The amount of child support is determined according to the Washington State Child Support Schedule. The Court then Orders each parent to pay the amount of child support using the standard calculation. This is true even if the parents informally agree between themselves to a lower transfer payment. However, special circumstances in a given situation may warrant the Courts adopting a different amount of child support for the obligated parent to pay. This is called a support deviation.

Reasons for a support deviation from the standard calculation of child support include income of other adults in the household; possession of wealth; extraordinary debt not voluntarily incurred; a significant disparity in living costs of the parents due to conditions beyond their control; and special medical, educational, or psychological needs of the children. Also considered is whether the parents have other children to support and where the children spend a significant amount of time with the parent who is obligated to make the child support transfer payment. The mere agreement of the parents is not a sufficient reason for a deviation of child support.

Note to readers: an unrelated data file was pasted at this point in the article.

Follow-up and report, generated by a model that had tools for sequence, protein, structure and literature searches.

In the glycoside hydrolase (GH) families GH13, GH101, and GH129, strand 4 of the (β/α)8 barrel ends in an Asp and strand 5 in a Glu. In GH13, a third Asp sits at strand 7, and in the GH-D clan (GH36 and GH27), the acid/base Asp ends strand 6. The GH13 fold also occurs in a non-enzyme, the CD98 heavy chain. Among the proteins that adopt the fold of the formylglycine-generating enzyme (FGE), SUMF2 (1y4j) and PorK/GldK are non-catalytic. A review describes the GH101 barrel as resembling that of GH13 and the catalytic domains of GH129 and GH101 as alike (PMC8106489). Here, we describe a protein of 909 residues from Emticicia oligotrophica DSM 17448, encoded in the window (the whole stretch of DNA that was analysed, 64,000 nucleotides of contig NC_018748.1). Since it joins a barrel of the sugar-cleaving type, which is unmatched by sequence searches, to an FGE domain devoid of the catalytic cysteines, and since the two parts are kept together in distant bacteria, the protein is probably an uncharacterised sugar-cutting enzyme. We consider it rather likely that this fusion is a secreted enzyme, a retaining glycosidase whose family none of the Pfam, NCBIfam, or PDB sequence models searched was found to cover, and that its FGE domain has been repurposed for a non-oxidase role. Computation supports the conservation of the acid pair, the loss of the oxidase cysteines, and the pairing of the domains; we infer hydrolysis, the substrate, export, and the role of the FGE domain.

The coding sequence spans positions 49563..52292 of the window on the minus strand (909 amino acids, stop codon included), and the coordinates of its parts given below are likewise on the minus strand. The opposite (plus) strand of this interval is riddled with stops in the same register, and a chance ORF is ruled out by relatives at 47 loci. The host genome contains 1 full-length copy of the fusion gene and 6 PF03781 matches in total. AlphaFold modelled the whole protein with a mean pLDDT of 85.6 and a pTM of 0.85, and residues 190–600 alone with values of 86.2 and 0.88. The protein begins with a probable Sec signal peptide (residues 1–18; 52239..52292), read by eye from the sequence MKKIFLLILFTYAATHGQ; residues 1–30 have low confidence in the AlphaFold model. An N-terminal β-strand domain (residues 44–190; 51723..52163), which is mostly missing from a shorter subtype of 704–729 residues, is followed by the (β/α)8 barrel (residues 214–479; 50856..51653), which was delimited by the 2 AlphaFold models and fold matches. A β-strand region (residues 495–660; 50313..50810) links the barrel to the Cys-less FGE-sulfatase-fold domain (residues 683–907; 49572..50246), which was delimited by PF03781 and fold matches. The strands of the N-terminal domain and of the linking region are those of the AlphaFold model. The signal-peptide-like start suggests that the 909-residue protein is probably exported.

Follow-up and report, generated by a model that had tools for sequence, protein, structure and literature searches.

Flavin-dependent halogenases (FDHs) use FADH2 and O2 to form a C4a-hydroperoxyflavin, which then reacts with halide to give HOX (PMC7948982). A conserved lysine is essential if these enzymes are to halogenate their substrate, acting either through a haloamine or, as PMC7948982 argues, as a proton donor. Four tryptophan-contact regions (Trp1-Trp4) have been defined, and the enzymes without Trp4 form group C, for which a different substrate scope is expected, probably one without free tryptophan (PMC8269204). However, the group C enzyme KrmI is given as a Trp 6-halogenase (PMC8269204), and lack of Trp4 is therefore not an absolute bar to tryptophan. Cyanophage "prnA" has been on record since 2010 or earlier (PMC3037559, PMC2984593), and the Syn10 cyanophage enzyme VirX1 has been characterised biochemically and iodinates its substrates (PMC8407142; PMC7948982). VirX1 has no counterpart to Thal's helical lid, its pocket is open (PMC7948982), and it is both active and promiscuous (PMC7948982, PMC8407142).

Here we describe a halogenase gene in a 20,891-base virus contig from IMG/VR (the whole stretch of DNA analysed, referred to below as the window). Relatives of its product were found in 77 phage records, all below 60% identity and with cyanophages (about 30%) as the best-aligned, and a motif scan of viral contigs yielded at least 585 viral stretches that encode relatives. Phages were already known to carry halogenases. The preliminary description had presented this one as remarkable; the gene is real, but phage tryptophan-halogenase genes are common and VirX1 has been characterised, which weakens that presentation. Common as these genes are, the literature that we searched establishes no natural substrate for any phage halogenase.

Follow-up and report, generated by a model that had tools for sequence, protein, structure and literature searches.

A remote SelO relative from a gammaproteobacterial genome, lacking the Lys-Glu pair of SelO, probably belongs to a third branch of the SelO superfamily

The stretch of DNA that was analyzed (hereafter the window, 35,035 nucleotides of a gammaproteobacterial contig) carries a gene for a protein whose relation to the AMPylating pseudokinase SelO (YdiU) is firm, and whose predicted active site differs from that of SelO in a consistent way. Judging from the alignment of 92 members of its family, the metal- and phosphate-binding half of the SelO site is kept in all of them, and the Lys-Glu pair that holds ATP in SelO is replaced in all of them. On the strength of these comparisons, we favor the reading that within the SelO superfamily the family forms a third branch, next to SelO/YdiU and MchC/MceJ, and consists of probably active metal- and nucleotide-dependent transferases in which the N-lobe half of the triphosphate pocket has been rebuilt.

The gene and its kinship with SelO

The Court may not deviate if the support deviation will result in insufficient funds in the household receiving the child support to meet the basic needs of the child or if the child is receiving aid to families with dependent children.